It’s not just independent websites that house scammers, major sites like Amazon and eBay have them too. There has been a recent trend on both sites where people pretend to be a seller on the site, list a product for a lower price, and wait. Then, when somebody pays for the product, the item is never shipped and the seller vanishes.
The bright side of this is that both sites have guarantees and promises to protect the customer if this happens, typically in the form of a refund, but this could leave you without a present if you do your shopping last minute.
To avoid this, check the seller ratings and how long the account has been active if you ever purchase from a third party on Amazon. If it’s a brand new account, with no reviews on it, assume it’s a scammer.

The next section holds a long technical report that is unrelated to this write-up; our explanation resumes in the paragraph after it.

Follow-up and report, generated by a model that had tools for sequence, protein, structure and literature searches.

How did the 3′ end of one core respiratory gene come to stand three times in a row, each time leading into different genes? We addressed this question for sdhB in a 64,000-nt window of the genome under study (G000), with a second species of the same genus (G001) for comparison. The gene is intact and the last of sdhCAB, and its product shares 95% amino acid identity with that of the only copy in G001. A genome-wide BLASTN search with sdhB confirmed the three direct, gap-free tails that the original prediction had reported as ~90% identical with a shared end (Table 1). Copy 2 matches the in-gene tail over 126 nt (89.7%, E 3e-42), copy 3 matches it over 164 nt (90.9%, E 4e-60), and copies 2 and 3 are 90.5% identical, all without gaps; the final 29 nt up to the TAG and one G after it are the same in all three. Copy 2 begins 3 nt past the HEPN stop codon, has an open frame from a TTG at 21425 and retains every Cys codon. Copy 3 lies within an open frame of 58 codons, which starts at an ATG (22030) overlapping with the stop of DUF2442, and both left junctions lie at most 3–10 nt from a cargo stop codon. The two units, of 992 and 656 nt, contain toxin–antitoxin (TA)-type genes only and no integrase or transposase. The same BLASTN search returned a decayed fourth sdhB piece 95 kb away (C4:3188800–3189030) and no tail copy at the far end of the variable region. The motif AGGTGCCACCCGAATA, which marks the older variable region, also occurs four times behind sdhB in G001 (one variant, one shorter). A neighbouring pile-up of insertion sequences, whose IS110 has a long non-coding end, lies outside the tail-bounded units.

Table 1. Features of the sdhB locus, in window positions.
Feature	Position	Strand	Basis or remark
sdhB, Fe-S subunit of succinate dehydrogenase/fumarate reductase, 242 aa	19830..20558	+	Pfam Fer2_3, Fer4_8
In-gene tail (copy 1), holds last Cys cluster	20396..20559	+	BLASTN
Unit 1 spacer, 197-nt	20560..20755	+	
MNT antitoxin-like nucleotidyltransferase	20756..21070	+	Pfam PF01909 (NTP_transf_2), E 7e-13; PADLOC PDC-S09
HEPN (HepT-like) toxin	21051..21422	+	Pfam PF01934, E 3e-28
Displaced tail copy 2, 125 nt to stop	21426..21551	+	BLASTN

Sometimes, the person you need to protect yourself from is you. Every year, tons of people overspend during the holiday season and find themselves in a pit of debt come January. Set a budget, stick firm to it, and don’t put money on your credit card that you can’t pay off. Keeping your receipts can help keep you on track financially, and is a handy tool in case your identity or credit card is stolen.
If you make smart financial decisions, be aware of identity and credit card theft, and be cautious of scams that could ruin your holidays. It’s always a good idea to be monitoring your credit score and credit payment histories to minimize theft, and do your research to not fall for a scam.
Want more information on how to keep your card safe and how to use your credit card? Visit the Fiscal Tiger credit card learning center for more tips and guides.